In her latest salvo, The Honorable PM Sheikh Hasina used the pulpit of parliament to reiterate the allegation of the country’s largest two newspapers and their editors continuing to conspire against her personal self. This time the PM also brought into the picture the country’s only Nobel Laureate (Dr. Muhammad Yunus) to make up an unenviable trio of supposed perennial conspirators. This commentary seeks to understand the apparently inconceivable trajectory the PM is on.

The PM is already very popular among her electorate, especially following the war crimes trials. She is also acclaimed for her commitment to global causes like the rights of women, poverty reduction and battling terrorism and religious extremism. Domestically, the PM is facing literally no opposition, and regional politics appears to be in a friendly state. Overall, the PM is currently enjoying a dream world of any national leader anywhere. The PM’s increasingly aggressive campaign against the trio is hence all the more perplexing.

First, joining the ever growing body of legal cases and the heated rhetoric from the ruling alliance leaders to the PM’s parliament cannonade, it now feels like an all-out street fight. It is beyond my humble wisdom and I suspect that of many fellow citizens as to how the high honor of a PM, a very popular one who happens to be the daughter of the nation’s cherished liberating leader Bangabandhu, is uplifted or even maintained by bringing her down to a street brawl level. Isn’t it a misaligned contest of no winners?

Second, is such a street fight the most befitting contrivance of resolving the PM’s grievance against the alleged wrongdoers? Can the PM not choose to rely upon the due process of the organs of her own government? Why not take this opportunity to open up the government to greater transparency by declassifying previously confidential information? Many developed democracies do follow the practice of allowing access to currently unclassified (not compromising the near term national security) government information by private citizens and entities upon request, declassifying information that is not deemed classified any more, and allowing the media to keep the sources of their information unrevealed.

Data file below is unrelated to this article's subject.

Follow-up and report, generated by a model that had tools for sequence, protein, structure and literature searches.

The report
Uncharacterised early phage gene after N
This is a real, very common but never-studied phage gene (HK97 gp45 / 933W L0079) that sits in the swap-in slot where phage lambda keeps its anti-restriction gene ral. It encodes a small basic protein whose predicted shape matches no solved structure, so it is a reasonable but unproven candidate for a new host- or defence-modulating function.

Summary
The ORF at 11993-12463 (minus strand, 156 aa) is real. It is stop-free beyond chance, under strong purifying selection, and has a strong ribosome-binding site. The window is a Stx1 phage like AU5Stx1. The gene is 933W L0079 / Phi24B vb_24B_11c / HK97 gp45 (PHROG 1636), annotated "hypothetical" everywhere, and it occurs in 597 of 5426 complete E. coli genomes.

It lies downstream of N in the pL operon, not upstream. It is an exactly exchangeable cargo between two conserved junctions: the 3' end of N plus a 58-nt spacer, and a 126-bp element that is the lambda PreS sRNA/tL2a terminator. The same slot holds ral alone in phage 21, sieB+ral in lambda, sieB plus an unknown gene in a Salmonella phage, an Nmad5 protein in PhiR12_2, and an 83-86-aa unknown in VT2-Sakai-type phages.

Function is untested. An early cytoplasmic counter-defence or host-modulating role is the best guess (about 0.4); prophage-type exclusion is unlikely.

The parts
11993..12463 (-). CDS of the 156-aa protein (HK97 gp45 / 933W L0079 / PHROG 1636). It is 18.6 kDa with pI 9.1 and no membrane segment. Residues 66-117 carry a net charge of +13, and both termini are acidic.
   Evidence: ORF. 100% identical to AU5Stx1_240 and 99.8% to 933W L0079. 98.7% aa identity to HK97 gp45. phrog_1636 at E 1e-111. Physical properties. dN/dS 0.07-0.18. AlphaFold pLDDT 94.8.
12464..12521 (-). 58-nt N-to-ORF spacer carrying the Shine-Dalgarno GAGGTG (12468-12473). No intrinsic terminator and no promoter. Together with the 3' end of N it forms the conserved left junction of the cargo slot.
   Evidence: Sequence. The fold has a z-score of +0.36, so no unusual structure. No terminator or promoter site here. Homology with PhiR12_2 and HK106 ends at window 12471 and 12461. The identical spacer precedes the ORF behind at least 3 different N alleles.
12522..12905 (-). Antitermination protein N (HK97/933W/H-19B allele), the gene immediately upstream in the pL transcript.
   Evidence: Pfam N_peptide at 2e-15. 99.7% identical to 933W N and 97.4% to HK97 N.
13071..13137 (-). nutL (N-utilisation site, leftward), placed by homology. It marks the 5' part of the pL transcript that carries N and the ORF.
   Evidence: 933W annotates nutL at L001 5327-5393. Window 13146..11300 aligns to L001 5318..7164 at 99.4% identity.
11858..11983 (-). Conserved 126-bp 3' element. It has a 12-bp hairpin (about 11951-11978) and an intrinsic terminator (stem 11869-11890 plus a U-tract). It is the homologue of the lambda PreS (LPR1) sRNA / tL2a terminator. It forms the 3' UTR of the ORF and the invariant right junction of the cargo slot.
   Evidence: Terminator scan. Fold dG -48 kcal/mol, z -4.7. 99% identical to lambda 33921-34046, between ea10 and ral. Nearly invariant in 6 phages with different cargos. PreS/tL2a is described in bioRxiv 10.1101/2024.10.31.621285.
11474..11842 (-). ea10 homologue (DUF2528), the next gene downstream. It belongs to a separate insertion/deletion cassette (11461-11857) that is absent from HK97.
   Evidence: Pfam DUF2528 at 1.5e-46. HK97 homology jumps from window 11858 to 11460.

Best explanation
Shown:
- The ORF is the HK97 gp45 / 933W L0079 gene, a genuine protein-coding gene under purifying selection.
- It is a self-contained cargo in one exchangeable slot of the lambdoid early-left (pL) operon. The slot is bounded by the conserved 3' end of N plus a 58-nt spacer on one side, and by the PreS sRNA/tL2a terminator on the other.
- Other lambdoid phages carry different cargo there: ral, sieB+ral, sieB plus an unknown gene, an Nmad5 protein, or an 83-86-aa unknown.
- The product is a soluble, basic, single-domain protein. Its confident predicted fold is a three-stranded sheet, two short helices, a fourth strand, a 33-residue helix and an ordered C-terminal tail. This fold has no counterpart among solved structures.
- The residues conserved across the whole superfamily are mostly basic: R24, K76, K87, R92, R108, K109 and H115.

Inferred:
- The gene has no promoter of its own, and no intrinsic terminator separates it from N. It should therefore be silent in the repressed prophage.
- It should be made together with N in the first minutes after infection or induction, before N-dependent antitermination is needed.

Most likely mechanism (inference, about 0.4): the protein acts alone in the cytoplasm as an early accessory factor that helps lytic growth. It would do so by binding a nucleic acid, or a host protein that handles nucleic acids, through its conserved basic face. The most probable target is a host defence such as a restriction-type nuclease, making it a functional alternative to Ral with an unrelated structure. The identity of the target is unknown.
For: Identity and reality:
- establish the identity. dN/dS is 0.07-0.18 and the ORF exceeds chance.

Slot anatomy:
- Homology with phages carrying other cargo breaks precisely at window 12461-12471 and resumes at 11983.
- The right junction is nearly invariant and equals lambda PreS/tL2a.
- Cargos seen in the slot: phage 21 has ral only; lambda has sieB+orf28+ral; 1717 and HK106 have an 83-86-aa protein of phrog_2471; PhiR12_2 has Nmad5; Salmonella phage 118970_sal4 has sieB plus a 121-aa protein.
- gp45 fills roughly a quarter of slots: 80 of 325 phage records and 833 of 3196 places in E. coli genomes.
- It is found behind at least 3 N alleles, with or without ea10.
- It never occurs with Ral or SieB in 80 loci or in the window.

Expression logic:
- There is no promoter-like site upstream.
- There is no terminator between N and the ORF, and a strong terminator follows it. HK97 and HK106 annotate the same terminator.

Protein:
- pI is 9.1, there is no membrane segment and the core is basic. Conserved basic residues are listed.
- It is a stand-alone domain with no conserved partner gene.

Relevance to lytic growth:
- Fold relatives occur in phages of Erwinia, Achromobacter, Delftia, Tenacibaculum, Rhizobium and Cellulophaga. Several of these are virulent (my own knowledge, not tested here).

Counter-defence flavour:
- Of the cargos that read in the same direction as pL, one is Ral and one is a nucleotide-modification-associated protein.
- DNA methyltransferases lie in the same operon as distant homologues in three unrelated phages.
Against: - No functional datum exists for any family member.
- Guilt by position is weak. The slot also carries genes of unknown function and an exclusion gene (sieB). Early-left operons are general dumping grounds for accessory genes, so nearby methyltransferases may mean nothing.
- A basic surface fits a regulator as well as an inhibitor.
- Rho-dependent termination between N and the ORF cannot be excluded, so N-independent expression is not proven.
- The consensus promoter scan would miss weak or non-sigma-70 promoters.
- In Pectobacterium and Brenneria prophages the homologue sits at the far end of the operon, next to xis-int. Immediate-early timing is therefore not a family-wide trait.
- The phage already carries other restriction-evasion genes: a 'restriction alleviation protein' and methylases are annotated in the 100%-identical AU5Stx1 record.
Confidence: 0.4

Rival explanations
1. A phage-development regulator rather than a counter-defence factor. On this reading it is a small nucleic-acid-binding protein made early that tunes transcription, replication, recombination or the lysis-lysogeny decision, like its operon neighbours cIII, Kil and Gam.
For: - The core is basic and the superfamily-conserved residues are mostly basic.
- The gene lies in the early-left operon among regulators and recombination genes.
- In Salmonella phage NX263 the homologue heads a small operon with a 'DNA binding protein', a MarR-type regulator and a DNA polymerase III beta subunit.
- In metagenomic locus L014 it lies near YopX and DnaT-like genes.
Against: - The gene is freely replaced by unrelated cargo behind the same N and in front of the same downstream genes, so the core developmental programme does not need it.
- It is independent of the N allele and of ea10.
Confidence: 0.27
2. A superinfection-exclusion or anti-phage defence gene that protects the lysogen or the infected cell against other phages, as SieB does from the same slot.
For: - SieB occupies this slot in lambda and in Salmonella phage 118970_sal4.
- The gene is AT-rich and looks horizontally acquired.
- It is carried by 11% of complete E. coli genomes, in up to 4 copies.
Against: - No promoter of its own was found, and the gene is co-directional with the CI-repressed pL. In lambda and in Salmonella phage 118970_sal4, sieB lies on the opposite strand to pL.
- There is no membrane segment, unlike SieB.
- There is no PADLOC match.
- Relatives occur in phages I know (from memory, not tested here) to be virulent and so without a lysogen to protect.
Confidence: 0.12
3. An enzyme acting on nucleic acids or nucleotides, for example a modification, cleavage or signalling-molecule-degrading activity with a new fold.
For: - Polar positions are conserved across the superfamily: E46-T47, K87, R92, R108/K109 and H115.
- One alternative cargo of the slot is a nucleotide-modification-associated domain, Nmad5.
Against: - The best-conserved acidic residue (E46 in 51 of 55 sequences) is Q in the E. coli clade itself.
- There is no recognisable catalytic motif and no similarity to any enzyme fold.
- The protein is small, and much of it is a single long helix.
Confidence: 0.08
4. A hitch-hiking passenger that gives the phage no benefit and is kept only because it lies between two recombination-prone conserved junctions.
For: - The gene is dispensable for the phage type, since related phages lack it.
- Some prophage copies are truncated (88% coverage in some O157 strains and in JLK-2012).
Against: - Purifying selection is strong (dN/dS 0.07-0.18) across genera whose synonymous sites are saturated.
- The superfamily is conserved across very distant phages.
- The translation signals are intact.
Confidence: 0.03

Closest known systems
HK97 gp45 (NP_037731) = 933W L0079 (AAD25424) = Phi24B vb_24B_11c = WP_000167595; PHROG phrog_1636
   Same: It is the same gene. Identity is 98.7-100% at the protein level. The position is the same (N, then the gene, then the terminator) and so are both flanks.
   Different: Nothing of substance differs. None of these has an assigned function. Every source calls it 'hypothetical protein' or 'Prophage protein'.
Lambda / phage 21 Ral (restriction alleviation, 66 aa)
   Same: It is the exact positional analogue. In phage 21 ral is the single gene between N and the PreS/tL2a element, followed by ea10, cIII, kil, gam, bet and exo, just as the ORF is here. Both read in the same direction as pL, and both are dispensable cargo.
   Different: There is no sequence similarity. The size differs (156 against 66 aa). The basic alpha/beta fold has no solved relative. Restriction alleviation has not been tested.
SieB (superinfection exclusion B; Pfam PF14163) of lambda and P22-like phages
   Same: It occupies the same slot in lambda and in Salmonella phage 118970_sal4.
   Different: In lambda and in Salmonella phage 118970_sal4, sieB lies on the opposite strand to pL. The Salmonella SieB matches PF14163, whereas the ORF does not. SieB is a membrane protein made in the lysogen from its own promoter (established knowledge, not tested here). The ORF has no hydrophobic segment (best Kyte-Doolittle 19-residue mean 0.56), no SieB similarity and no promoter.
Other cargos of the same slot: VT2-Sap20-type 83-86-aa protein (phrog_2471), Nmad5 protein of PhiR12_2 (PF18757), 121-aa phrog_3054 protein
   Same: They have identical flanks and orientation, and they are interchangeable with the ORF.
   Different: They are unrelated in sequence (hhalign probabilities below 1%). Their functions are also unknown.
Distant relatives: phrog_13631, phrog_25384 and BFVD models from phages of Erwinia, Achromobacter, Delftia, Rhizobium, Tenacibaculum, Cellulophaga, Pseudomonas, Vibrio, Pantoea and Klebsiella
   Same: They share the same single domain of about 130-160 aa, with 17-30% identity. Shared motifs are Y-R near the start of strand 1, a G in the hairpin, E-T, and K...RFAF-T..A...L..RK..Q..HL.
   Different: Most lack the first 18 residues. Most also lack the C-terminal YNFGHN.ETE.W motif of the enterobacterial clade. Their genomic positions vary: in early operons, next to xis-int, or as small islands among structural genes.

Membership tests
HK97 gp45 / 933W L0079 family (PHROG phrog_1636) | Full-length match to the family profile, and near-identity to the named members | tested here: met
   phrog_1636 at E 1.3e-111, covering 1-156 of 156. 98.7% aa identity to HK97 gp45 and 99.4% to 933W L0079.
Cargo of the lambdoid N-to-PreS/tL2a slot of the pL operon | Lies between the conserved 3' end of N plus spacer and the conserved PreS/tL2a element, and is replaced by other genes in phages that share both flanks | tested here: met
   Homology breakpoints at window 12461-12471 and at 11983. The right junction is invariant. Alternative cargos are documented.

Third, a clear downside of the PM’s current campaign is that the public perception, at home and abroad, is likely gathering the unmistakable flavor of a personal vendetta. Did the PM really have to append her long held allegations against Dr. Yunus to those against the two editors and their newspapers? Since the recent cases did not name Dr. Yunus as a defendant, the most damaging perception could be that the PM wishes her followers to file similar suits against Dr. Yunus. Even more serious is the concern that the threat of prosecution for treason is hereby extended to Dr. Yunus as well.

Ironically, the PM’s own grievance of conspiracies is based on the trio’s purported personal crusade against her governance. Then the last thing that the PM needs is her grievance to be perceived the same way.

Fourth, various efforts to criminally prosecute Dr. Yunus have so far failed, adding only to the bewilderment of the population at large and the external world. Meanwhile, the Padma Bridge related graft case is still alive beyond Bangladesh and very few are inclined to believe the exonerations declared by the Bangladesh Anti-Corruption Commission. This is not to imply the impunity of Dr. Yunus or the culpability of the Bangladesh officials; it only means a very low level of credibility for due process and democratic institutions in Bangladesh, especially when the governing regime is involved and is known to be predisposed. Wouldn’t injecting Dr. Yunus into the 1/11 editorial saga only strengthen the paradigm of ill-motivated governance?

Fifth, couldn’t the PM’s grievance campaign in the open domain, including parliament, jeopardise the legal merits of the allegations? The defense could advocate that the allegations are reflections of preconceived biases and the confidential information has been moderated or manufactured for personal retaliation, and is not grounded on facts, especially against the state.

Sixth, as a step toward asserting leadership by taking responsibility, the PM has simultaneously recognised in parliament the alarming trend of child murders in the country. And I am more than confident that the PM feels the pain of the grieving mothers as well as numerous other ordinary citizens who have been routinely but abnormally losing their near and dear ones. Unfortunately, the PM’s public recognition of the security problem comes in the same session as her personal grievance barrage and following the anniversary of the writer Avijit Roy’s tragic murder that remains disturbingly unresolved, similar to many like ones. Whose unsettled grievances then matter more and deserve faster resolution becomes a matter of confusing priority. Viewed differently, how is it beneficial for the nation to be obsessively engulfed in a controversy surrounding the PM’s personal grievance when her people are desperately grappling with the very security of their life and are in a long queue for justice yet undelivered?